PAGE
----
using GNU libiconv for GTK+, you'll need to use GNU libiconv
for GNU gettext as well.) This probably applies to related
operating systems as well.

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Finally, for message catalog handling, GTK+ requires an implementation
of gettext(). If your system doesn't provide this functionality,
you should use the libintl library from the GNU gettext package,
available from:

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The Nitty-Gritty

The 'configure' script can be given a number of options to enable
and disable various features. For a complete list, type:

  ./configure --help

A few of the more important ones:

*  --prefix=PREFIX         install architecture-independent files in PREFIX
                           [ Defaults to /usr/local ]

*  --exec-prefix=EPREFIX   install architecture-dependent files in EPREFIX
                           [ Defaults to the value given to --prefix ]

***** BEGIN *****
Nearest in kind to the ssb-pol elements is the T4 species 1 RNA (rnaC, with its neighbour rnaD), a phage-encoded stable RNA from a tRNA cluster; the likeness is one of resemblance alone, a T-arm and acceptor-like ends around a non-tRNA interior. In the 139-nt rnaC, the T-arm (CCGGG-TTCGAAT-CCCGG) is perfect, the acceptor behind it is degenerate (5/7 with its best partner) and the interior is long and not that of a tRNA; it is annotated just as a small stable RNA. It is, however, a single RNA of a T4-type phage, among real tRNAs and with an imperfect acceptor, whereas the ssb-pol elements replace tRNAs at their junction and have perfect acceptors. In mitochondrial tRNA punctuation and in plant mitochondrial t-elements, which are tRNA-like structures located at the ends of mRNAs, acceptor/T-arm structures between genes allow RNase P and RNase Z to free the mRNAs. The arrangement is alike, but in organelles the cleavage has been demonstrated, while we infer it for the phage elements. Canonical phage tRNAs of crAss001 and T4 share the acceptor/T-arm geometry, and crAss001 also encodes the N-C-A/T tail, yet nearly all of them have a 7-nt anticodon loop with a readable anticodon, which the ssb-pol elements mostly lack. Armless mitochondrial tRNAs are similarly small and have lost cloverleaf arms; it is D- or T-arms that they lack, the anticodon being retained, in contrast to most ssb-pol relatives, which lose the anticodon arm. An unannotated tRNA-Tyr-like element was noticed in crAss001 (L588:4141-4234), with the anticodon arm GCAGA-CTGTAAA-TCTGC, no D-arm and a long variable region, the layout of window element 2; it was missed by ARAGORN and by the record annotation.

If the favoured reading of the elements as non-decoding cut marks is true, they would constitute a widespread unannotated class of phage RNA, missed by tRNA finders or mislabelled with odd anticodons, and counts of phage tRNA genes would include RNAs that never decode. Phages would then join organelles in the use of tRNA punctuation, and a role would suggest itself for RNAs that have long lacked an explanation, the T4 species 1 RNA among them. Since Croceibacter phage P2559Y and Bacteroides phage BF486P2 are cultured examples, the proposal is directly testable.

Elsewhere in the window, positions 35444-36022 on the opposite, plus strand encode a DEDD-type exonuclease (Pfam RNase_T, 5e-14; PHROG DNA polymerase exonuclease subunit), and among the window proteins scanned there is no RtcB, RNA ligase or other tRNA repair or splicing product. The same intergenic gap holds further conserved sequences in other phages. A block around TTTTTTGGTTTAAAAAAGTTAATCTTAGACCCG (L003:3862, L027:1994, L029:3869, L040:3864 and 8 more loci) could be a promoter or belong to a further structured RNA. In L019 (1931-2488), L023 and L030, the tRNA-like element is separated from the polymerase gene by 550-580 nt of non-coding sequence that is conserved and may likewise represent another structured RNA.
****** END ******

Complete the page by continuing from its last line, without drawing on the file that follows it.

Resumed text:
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*  --enable-debug=[yes/no/minimum] determines the amount of debugging
                           code to include. 'yes' will includes some
			   extra checks and debugging features that
                           may be useful for people developing with
                           GLib. 'no' produces a somewhat smaller and 
                           faster library at the expense of reduced
                           [ Defaults to 'minimum' for stable releases ]

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*  --enable-gc-friendly    When enabled all memory freed by the application,
                           but retained by GLib for performance reasons  
                           is set to zero, thus making deployed garbage
                           collection or memory profiling tools detect 
                           unlinked memory correctly. This will make GLib 
                           slightly slower.
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                           [ --disable-gc-friendly is default ]

*  --disable-mem-pools     Do not cache freed objects. When specified,
                           GLib will immediately return freed memory
                           to the C library instead of keeping around
                           pools of free objects such as linked list